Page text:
[Date Prev][Date Next][Thread Prev][Thread Next][Date Index][Thread Index]
Re: Is exact 0 "stronger" than inexact 0.0?
Aubrey Jaffer <agj@xxxxxxxxxxxx> writes:
> (* 0 +inf.0) ==> +nan.0
> (/ 0 0.0) ==> unspecified
> (/ 0.0 0) ==> +nan.0
> (/ 0.0 0.0) ==> +nan.0
> Why is only (/ 0 0.0) out of this set unspecified?
I don't know. In my model and implementation:
(* 0 +inf.0) ==> 0
(/ 0 0.0) ==> 0
(/ 0.0 0) ==> error
(/ 0 0) ==> error
In general my recipe for evaluating such operations is as follows:
1. Replace 0.0 with a very small positive number, +inf.0 with a very
large number, -0.0 and -inf.0 analogously, +nan.0 with any number.
0 stays exact.
2. Perform the operation.
3. Try to perform the inverse substitution. If the answer would depend
on the initial choice of substituted numbers:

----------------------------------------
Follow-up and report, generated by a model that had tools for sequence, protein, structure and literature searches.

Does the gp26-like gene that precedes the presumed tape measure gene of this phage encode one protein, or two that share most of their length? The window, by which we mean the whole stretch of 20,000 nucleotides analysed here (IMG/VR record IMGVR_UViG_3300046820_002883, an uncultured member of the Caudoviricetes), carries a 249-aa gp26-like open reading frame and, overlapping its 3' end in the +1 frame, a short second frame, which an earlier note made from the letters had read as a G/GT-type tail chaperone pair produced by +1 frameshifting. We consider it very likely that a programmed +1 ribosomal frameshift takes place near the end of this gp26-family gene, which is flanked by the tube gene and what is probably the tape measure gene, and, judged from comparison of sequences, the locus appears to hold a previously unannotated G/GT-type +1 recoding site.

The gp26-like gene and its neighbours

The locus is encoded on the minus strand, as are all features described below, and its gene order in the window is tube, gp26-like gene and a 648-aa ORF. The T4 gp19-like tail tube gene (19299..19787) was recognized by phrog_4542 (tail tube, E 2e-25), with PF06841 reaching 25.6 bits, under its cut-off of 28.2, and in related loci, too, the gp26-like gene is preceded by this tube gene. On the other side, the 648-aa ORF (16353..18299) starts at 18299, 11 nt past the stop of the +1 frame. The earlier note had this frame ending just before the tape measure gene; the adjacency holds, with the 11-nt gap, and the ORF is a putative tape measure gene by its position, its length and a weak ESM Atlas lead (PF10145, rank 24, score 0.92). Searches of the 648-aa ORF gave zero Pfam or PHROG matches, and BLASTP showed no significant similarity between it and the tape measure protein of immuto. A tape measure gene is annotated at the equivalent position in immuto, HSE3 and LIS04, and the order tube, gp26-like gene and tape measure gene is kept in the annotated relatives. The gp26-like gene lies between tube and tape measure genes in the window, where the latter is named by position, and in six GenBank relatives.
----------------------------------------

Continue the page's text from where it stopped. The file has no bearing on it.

a) If the result can't decide between 0.0 and -0.0, answer 0.0
(in most rounding modes) or -0.0 (when rounding towards -inf).
b) If the result can't decide between a number and an error,
answer the number (this happens e.g. for (/ 0 +nan.0)).
c) Otherwise answer +nan.0.
This algorithm doesn't explain two-argument atan near zero, which
is treated specially, as per IEEE and other languages (the algorithm
would answer +nan.0).
Disclaimer: I haven't checked whether atan is the only special case,
I formulated the rules just now.
Note that in my model (- 0 x) is (- x), but (- 0.0 x) is different
(assuming the default rounding mode). Also (+ A (* B +i)) is A+Bi;
this would not be true if complex numbers had both real and imaginary
part of the same exactness, because adding 0.0 is not identity at -0.0.
__("< Marcin Kowalczyk